ego state therapy

Ego State Therapy was originated by the husband and wife team Dr. Jack Watkins and Helen Watkins (now both deceased). They found that giving a voice to disowned or dissociated aspects of self enabled resolution of long-standing internal conflicts. Although it is frequently practiced without the therapist using  formal hypnotic induction (or even being trained in hypnosis), Ego State Therapy was originally developed–and is often more effective–in the context of a hypnotic trance.

Among other Ego State Therapy interventions, I employ an imagination-based method called Dissociative Table (also known as ‘conference room’), which was developed by George Fraser, to more readily access ego states. 

Ego State Therapy typically involves identifying key parts of self involved in internal dynamics related to “stuckness”, inner conflict, self-sabotage, child-like behavior, avoidance, criticalness, and/or many other presenting problems (certainly, anxiety, depression, anger, shame, trusting others, and attachment are all on the list). Using Dissociative Table and other methods–with or without formal hypnotic work–it is possible to identify and work directly with the younger emotional parts that are mobilized around these long-standing issues. Ego State Therapy provides a means to honor those functions and their reason(s) for being; to hear and validate their concerns, needs, and fears; to appreciate their survival function; and, when indicated, to help them update their “job description” to exist more in the present. We never, ever, ‘get rid’ of parts, though they sometimes choose to blend with other parts as the work progresses. Containment of memories and other emotionally charged material, as well as “tucking in” of parts, at the end of a session are key to helping life move along smoothly between sessions, so the healing work can continue.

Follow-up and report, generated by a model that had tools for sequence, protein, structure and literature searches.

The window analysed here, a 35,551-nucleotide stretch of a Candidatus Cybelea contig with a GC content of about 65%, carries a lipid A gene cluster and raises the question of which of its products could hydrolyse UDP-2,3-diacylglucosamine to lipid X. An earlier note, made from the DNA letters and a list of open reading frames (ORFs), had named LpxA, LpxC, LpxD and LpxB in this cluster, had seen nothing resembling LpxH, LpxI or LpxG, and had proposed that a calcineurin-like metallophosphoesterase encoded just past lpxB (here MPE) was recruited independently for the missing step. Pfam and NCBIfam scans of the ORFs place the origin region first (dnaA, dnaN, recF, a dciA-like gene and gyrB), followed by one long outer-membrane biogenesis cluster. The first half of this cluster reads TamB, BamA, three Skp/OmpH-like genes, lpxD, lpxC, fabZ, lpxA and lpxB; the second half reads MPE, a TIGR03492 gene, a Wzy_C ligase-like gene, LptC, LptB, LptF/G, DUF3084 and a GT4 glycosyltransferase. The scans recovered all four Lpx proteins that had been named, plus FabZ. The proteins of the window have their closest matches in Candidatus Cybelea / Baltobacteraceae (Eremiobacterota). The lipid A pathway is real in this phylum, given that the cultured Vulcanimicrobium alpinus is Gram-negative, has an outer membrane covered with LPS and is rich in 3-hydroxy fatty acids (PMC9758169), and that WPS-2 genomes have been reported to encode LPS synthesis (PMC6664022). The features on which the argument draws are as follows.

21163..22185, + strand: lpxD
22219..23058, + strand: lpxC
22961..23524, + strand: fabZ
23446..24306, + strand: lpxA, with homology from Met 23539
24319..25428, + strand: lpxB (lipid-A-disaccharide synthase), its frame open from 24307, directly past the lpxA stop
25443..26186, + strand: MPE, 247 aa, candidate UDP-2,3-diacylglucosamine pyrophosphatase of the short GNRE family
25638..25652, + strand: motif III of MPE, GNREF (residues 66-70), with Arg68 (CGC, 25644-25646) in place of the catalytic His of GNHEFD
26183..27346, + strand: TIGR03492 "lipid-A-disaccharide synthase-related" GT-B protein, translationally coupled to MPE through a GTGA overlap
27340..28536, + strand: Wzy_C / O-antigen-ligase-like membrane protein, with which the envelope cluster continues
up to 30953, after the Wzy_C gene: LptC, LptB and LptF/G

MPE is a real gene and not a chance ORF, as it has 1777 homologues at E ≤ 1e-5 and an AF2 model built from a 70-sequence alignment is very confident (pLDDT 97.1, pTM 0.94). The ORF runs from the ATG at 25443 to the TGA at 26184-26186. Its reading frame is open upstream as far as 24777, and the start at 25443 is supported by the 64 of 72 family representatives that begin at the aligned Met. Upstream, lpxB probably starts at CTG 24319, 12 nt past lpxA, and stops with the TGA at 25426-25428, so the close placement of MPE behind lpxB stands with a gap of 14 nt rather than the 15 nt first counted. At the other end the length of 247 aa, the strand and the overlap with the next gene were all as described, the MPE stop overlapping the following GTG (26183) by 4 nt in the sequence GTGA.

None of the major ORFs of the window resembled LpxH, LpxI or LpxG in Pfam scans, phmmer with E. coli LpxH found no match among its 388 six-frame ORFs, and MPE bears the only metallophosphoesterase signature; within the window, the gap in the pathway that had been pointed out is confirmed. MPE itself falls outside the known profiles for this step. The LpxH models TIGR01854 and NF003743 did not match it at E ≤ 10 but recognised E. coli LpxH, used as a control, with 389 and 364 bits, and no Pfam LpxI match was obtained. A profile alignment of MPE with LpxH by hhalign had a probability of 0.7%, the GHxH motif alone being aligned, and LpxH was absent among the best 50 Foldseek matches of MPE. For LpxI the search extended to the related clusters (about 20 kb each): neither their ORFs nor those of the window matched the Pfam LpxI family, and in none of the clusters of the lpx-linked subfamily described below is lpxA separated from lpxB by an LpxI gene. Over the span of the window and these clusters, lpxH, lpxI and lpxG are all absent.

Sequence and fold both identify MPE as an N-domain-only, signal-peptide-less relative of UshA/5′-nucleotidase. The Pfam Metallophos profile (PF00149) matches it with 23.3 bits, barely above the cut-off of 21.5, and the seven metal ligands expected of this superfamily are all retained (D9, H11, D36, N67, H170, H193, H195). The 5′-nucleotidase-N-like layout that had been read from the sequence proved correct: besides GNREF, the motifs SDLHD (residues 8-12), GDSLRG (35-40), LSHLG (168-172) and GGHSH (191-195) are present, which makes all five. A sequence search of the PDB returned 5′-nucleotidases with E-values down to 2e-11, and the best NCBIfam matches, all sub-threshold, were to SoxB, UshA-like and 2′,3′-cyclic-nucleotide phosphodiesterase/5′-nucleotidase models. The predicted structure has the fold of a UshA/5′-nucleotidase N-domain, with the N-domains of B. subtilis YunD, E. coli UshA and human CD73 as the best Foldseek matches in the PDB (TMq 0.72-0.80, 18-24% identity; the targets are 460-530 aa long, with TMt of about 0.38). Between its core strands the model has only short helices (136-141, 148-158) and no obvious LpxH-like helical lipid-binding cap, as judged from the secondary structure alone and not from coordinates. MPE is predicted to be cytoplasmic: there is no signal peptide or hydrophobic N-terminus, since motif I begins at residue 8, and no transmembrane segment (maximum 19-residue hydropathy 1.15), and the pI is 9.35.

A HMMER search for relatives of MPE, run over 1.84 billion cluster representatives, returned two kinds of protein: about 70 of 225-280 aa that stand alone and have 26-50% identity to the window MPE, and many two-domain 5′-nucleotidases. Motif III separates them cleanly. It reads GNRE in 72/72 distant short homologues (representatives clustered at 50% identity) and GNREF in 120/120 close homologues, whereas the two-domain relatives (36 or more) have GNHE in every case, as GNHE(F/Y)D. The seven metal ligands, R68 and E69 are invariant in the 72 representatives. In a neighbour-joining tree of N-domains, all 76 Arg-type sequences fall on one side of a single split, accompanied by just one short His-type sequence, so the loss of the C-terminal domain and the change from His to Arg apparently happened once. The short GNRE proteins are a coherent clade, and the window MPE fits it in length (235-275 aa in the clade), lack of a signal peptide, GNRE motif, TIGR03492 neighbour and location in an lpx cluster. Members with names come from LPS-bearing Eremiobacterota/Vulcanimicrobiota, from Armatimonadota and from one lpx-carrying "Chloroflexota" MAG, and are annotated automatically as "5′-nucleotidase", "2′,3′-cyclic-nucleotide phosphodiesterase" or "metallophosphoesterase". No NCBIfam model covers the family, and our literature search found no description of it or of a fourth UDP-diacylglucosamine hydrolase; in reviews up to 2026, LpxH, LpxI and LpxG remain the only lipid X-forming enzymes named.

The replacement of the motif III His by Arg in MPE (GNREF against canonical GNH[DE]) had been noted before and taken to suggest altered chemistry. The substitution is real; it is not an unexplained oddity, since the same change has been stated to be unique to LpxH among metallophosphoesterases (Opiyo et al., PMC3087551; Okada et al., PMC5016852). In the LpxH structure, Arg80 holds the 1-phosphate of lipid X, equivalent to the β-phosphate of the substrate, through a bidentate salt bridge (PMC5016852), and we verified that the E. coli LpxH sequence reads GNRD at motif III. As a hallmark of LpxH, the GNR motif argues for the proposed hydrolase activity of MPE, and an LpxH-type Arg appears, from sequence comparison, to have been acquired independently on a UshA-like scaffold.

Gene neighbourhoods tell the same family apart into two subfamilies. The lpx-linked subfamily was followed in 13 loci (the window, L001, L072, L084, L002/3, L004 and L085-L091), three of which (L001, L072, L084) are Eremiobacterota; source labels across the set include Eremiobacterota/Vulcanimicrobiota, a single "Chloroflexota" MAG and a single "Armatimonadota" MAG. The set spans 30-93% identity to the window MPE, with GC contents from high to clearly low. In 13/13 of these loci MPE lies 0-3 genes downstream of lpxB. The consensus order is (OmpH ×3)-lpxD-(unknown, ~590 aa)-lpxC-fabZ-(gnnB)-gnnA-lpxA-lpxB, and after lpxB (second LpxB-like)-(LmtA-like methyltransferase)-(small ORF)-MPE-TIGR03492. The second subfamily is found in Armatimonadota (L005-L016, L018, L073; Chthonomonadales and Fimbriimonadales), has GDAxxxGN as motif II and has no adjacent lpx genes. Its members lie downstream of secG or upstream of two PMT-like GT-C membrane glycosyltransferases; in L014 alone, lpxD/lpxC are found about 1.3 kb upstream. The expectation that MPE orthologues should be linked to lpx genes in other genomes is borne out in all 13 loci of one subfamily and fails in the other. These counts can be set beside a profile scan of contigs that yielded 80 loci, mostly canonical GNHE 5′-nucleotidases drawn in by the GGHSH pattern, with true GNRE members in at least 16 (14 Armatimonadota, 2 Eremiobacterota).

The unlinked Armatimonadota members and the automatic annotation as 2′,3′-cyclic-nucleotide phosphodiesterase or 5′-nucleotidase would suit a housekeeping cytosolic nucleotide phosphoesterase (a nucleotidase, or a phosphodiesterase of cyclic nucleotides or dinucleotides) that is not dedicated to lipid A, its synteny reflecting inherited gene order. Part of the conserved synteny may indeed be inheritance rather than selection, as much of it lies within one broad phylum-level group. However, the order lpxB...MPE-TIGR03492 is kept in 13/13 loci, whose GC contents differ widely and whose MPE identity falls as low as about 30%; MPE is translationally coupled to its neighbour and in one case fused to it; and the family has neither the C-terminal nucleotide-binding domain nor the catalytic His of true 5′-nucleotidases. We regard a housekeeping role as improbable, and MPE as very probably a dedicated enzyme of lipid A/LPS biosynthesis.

Ego State Therapy is about appreciating all aspects and parts of the self, known or unknown, that have contributed to survival such as those that have served as containment for upsetting (and undigested) experience, overwhelming but expressed emotion, as well as protectors–even fierce protectors. Their work is particularly important, and we understand that we can’t accomplish a thing without their being on board.